Sobel: Changing Winds and Less Rough Should Impact the Honda Classic
Christian Petersen/Getty Images. Pictured: Rickie Fowler
PALM BEACH GARDENS, Fla. – I spent Wednesday afternoon walking PGA National during the pro-am and here are a few observations, plus some reactions from the pros:
Surprise, surprise: It was windy.
As usual for this tournament, there’s a club-to-club-and-a-half breeze blowing through the course, which is expected to continue for all four competition rounds.
The good news for players is that it’s a steady wind and fairly easy to predict, rather than a gusting wind that can change any moment.
The bad news for players is that Wednesday’s wind was out of the southeast, which is forecasted to be the opposite of the westerly winds starting Thursday.
As one player told me, that should make holes 1, 2, 3, 10, 11 and 14 easier than they played in the pro-am, but of those, 2, 3, 10, 11 and 14 aren’t really birdie holes anyway, so the tough holes will still be tough. More importantly, the wind will be blowing right-to-left across most of the famed Bear Trap (holes 15-17), making that brutal stretch all the more brutal.
The thick stuff ain’t what it used to be.
The rough here isn’t quite as gnarly as it’s been in previous years, especially down the right side of the difficult 11th, which at times could’ve meant a drive that faded too much didn’t leave players in position to take an approach over the water hazard framing the green.
What does all of that mean as far as scoring and which players could own an advantage?
We should expect another tough test that leaves the winner still in single-digits under-par, which mirrors each of the winning totals in six of the past seven years. (Only Rickie Fowler in 2017 finished double-digits under-par, winning at 12-under, while second place that year was still 8-under.)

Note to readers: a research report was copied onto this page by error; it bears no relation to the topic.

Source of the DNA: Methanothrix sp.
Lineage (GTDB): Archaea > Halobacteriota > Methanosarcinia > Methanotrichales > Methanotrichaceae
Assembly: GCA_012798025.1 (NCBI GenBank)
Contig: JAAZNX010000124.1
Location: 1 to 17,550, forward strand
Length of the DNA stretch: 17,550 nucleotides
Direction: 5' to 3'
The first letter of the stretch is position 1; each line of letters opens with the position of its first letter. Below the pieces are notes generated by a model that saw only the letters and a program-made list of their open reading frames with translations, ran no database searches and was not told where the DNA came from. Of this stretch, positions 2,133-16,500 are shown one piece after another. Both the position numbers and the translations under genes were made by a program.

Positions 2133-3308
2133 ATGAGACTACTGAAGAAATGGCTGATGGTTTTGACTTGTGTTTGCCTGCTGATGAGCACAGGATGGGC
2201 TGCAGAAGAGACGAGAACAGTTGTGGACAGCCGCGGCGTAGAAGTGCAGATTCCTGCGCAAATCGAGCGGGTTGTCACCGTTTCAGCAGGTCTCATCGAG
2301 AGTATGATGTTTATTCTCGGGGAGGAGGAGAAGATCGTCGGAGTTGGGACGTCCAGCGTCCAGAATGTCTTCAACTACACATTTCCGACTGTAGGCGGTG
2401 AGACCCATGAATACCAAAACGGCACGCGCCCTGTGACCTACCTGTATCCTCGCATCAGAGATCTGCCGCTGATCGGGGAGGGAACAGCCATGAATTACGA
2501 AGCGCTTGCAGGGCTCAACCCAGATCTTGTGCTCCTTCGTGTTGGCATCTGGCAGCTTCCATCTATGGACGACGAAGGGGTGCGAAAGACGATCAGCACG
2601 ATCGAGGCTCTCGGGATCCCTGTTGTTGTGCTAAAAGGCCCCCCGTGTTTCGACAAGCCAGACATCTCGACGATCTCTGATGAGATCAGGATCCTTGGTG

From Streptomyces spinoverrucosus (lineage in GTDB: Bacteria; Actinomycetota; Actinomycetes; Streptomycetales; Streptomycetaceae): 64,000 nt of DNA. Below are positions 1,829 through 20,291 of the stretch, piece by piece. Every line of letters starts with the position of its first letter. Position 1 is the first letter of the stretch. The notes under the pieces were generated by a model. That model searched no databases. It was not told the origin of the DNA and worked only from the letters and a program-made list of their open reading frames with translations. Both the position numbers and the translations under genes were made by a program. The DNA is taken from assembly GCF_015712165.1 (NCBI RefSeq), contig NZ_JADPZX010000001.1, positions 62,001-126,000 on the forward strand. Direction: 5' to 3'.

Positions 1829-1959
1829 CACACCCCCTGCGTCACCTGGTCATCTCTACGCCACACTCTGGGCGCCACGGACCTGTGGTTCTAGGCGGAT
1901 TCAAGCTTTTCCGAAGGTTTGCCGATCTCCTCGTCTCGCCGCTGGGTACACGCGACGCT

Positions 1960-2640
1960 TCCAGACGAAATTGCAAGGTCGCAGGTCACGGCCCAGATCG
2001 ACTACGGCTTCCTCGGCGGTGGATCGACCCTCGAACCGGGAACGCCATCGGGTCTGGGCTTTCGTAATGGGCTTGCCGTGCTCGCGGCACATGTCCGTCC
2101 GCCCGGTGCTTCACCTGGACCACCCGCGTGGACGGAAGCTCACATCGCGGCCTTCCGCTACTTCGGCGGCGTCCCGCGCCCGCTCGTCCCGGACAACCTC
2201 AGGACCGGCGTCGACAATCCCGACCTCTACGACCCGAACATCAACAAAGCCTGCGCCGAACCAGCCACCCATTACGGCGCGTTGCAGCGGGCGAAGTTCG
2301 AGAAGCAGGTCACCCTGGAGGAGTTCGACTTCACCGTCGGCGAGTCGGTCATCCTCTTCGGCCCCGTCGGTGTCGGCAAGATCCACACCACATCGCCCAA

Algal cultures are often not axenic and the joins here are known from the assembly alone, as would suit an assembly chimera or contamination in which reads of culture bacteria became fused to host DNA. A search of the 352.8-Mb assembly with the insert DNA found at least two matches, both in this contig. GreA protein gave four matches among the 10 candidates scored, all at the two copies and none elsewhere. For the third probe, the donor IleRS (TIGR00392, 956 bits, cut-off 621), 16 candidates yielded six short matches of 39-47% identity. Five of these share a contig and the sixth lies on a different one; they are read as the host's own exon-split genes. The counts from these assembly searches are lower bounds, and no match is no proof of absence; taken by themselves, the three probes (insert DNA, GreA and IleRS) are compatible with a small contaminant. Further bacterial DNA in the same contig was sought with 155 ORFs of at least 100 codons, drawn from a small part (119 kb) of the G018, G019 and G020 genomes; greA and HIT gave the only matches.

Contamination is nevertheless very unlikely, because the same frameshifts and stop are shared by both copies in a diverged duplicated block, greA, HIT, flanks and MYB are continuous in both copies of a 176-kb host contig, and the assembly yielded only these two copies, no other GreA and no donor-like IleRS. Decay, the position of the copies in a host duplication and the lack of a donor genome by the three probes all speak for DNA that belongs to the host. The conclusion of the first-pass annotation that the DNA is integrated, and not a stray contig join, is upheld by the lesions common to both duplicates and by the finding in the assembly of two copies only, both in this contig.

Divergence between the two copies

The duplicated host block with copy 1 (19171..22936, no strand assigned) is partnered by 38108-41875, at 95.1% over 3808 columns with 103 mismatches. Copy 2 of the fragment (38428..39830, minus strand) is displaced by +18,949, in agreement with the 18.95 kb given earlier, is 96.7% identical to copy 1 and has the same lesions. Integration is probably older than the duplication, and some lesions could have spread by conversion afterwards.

And though I’m not close to suggesting that players can simply bang driver all over this course and not worry about the rough, the usual advantage to accurate drivers might be negated just a bit by the lower height outside the fairways, which should help the big hitters who aren’t quite as accurate.
Seen on the range.
Greg Norman, who lives nearby, was apparently offering an impromptu lesson to Nick Watney, who owns an intriguing record at this event. In seven career starts here, he’s never missed a cut, yet also never seriously contended for a title, with finishes of 51st-33rd-14th-41st-24th-65th-17th.
I always tend to think of Watney, who grew up in California, as more of a West Coast-type of player, but with three straight MCs to close that swing, maybe he’s ready to heat up on the East Coast instead.
By the way, there’s an obvious connection between Norman and Watney: The Shark’s longtime caddie, Tony Navarro, is currently on Watney’s bag.
Speaking of Watney, if you’re the type who likes to read something into pro-am scores for the tournament rounds, he might’ve provided a little ammo.
Watney and Fowler finished atop the player-only leaderboard for the day, with Stewart Cink and Ryo Ishikawa also up there. But let’s not read too much into this: Instead of the regular 18-hole pro-am format, each group of amateurs played nine holes with two different pros, so those are combined totals for Watney/Fowler and Cink/Ishikawa.
That might help you less that it does in other weeks, but trust me: Players love this format.
Still searching for a darkhorse this week?
Maybe this could help…
I was standing on the practice green when Robert Streb asked who I was picking this week. As he was about to putt a 12-foot downhill slider, I answered, “If you make this, I’m taking you.” He made it – and the next one, too.
For the record, he started his Honda career with finishes of 18th-59th-26th, but missed the cut in each of the previous three years. Streb is currently 260-1 at FanDuel.